Gerhard Richter: Forty Years of Painting
Feb 27–May 18, 2003
February 27 to May 18, 2003
This 40-year survey of works by influential German artist Gerhard Richter (b. 1932) was the most comprehensive exhibition of the artist’s paintings seen to date in North America. The show presented more than 120 examples spanning Richter’s entire career. Included were paintings executed in a realistic yet blurred style – landscapes, portraits, and other representational paintings based on photographs – as well as abstractions constructed with layered and scraped paint. The subjects of the artist’s work range from World War II-era military scenes and a Titian masterpiece to mundane household objects. Newspaper headlines of both horrific and trivial events and intimate views of family members are also recurrent imagery.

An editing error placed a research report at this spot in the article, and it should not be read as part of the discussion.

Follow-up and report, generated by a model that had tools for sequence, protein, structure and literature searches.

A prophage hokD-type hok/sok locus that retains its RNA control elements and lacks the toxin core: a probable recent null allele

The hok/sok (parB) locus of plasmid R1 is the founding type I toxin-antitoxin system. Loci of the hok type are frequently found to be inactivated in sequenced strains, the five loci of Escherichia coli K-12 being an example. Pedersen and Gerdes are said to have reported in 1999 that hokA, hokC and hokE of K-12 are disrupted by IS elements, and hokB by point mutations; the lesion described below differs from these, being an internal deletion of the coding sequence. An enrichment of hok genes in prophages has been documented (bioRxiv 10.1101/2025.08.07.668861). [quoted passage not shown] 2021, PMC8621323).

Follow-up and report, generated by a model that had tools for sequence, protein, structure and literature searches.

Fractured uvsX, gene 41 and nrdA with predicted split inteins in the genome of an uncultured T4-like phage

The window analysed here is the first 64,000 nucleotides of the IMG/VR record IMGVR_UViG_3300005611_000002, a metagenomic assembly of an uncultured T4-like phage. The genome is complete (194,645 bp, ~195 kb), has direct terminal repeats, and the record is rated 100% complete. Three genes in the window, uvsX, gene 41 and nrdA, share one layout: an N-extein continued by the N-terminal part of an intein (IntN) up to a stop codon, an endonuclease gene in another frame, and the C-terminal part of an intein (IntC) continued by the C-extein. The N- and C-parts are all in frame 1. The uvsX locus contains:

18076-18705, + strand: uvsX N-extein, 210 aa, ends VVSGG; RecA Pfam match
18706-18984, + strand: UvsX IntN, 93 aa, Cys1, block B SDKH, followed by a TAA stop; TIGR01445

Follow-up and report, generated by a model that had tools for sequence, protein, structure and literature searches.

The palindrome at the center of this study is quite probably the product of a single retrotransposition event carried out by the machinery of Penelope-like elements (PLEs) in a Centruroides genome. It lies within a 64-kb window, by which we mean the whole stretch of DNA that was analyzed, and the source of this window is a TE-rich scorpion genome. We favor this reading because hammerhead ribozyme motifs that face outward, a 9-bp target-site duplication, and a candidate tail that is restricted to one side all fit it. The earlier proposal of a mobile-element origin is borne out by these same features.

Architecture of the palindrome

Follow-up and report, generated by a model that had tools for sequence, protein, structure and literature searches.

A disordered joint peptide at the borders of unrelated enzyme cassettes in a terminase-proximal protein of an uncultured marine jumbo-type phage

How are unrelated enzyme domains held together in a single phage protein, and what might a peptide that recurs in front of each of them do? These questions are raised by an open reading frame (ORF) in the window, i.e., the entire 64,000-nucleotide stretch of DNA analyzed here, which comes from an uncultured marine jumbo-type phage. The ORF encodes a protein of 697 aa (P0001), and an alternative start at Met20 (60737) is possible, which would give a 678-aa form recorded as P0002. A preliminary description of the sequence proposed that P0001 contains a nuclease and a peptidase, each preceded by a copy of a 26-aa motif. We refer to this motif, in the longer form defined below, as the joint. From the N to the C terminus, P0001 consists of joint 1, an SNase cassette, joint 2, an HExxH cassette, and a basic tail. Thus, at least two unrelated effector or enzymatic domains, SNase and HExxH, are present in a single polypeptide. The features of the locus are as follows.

Born and first trained as an artist in East Germany, Richter moved west in the 1960s, when he was associated with a group of Düsseldorf artists influenced by American Pop. He distinguished himself by mastering both abstract and depictive genres while subtly commenting on the power of mass media and the prevalence of photography in contemporary visual culture. Celebrated as an artist who has revitalized painting, Richter uses a traditional medium to examine today’s issues.
Organized by Robert Storr, the show came to the Hirshhorn, its final venue, after stops in New York, Chicago, and San Francisco. Gerhard Richter: Forty Years of Painting was organized by The Museum of Modern Art, New York, and made possible by Jo Carole and Ronald S. Lauder with generous support from Mimi and Peter Haas. An indemnity was granted by the Federal Council on the Arts and the Humanities. Additional funding was provided by Leila and Melville Straus and The Contemporary Arts Council and The Junior Associates of The Museum of Modern Art.
The Washington, DC, presentation was made possible by a generous grant from Neuberger Berman Foundation.
Additional support was provided by the Holenia Trust in memory of Joseph H. Hirshhorn.
Coordinating curator for the Washington, DC, presentation was Phyllis Rosenzweig, Curator of Works on Paper. A 336-page hardback catalogue with over 200 color and duotone reproductions was published to accompany the exhibition.